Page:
Twitter has a catch-22 on its hands. It claims to be a platform that will not tolerate abuse and harassment, while also wanting to leave world leaders’ words uncensored. The problem for Twitter is that a certain world leader also continually violates its policies. Trump has targeted plenty of people for harassment, like when he tweeted that Mika Brzezinski “was bleeding badly from a face-lift.” Trump has also sent out threatening tweets, like when he seemed to try to bait North Korea into all-out nuclear war with his “fire and fury” tweet. He has also retweeted anti-Semitic memes. Looking over Twitter’s rules and Trump’s tweets finds it clear as day that Trump is in violation of their standards and guidelines.
This is a real dilemma for Twitter. They have two priorities that both should be followed: abuse and harassment are bad (too bad Twitter doesn’t stick to that principle enough) and publicly accountable figures have a different impact on Twitter than private citizens like myself. As harrowing as that “fire and fury” tweet was, it was of immense importance to the news. Thanks to Twitter, we got a direct look inside of the mushbrain of the most powerful man alive. That’s seriously valuable.
Now, Twitter is trying to find a way to thread the needle between letting public figures like Trump be abusive, and trying to curb that abuse. Per The Washington Post:
The next time a politician, dignitary — or perhaps a president — makes an utterance that violates Twitter standards, the message might be accompanied by a note that expands on the 280-character tweet, a top official with the company said Wednesday.
Twitter is exploring how it can annotate offensive tweets that break its rules but remain in the public interest, said Vijaya Gadde, the company’s head of legal, policy, and trust and safety. It’s an effort to stem offensive content and hate speech and follows comments last year by chief executive Jack Dorsey, who said he is rethinking core parts of the platform to stem harassment and other abuses.
“One of the things we’re working really closely on with our product and engineering folks is, ‘How can we label that?’ ”Gadde said in a response to questions from the Post’s Silicon Valley correspondent, Elizabeth Dwoskin. “How can we put some context around it so people are aware that that content is actually a violation of our rules and it is serving a particular purpose in remaining on the platform.”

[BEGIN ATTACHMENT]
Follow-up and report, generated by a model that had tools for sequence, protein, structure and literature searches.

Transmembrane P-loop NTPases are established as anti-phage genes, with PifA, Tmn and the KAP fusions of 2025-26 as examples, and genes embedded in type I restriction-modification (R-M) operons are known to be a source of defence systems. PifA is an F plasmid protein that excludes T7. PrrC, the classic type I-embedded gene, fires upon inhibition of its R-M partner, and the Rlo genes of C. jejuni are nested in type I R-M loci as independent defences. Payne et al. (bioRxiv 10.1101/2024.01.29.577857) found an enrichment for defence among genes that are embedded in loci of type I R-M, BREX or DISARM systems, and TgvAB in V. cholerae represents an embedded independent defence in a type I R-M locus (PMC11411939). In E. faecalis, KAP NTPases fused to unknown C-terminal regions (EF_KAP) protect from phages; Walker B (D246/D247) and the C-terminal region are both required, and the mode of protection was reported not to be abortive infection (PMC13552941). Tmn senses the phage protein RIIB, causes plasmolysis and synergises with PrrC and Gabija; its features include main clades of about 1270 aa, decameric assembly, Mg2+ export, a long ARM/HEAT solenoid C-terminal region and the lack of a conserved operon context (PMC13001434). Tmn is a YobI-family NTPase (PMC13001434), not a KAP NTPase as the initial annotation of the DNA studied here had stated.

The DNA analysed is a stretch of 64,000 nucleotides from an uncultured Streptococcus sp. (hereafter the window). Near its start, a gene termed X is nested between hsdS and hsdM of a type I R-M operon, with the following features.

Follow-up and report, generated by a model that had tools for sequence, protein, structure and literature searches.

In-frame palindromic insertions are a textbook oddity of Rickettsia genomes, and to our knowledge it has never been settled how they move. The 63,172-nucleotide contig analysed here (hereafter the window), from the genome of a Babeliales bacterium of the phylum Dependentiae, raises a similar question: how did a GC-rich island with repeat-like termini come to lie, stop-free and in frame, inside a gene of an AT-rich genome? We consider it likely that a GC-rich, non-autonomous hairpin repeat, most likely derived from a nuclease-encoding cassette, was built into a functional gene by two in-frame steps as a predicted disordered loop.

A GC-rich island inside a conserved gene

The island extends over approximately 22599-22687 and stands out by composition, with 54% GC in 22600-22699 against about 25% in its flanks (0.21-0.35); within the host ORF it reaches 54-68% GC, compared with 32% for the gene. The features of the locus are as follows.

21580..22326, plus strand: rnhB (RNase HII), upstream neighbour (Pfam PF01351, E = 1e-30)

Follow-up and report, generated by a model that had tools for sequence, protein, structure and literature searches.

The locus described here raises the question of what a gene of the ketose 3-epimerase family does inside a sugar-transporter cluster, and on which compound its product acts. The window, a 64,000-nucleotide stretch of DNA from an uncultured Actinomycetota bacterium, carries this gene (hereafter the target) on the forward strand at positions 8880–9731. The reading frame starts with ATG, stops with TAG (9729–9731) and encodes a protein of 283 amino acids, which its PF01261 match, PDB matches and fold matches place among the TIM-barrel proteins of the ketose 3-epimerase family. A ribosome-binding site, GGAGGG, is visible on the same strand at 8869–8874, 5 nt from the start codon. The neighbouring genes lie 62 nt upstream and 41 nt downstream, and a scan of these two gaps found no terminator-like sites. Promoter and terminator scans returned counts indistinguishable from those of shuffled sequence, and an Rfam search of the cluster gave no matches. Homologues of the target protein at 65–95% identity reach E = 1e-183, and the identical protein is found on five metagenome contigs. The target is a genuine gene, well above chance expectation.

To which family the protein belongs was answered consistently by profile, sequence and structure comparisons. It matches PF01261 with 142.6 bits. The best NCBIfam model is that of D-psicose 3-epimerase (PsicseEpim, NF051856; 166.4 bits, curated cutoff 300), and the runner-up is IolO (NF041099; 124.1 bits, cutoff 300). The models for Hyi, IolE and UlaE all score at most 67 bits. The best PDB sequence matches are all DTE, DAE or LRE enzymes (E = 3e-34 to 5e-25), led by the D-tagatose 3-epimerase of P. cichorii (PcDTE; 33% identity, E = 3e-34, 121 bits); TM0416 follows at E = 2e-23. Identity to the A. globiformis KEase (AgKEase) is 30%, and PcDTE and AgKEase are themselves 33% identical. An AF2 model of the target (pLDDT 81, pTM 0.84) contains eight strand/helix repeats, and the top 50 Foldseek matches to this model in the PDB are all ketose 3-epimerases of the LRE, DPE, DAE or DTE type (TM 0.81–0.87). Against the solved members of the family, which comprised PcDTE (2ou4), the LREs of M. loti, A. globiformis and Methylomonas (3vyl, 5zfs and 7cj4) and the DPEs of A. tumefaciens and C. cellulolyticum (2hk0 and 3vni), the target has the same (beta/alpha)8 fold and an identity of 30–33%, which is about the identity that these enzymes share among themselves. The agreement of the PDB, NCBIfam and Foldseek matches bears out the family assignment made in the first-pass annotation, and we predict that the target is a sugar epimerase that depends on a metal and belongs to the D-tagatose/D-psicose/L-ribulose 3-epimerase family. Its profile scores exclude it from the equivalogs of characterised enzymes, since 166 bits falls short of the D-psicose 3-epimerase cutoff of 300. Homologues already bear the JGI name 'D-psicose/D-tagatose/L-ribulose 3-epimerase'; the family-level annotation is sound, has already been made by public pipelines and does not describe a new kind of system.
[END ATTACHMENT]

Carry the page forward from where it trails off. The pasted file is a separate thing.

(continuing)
Context is the key word here. Censoring stuff on platforms is an incredibly dicey proposition that does have a slippery slope. While Facebook finally admitted that white supremacy does not fall under the nuanced slippery slope position—given that white supremacy’s thesis is that non-white people should not have freedom like white people do—there is still a lot of work to do. This kind of contextual update to harmful information is exactly the route these social networks should be taking, and Amazon’s refusal to provide context on a book about the patently absurd and dangerous Qanon conspiracy theory is a demonstration of the typical Silicon Valley failure.
For years, Facebook, Twitter, YouTube and the like fought tooth and nail against the notion that they are media companies, and therefore require editorial judgement. They simply wanted to advertise themselves as platforms, and then run away from any and all culpability of the garbage people put on to their platform. After the Christchurch massacre demonstrated for everyone how white supremacy is not something that can be trifled with, it seems like we have reached something of a new era where these companies admit that they have editorial responsibility. It’s unfathomably depressing that it took the mass murder of 50 Muslim worshipers (live-streamed on Facebook Live) to even potentially change the paradigm, but given the demonstrated incompetence and ineffectiveness of social networks like Facebook and Twitter, we should be happy with any progress we can get out of these companies that clearly wish they could just keep raking in cash without any of the responsibility that comes along with their success.
Jacob Weindling is a staff writer for Paste politics. Follow him on Twitter at @Jakeweindling.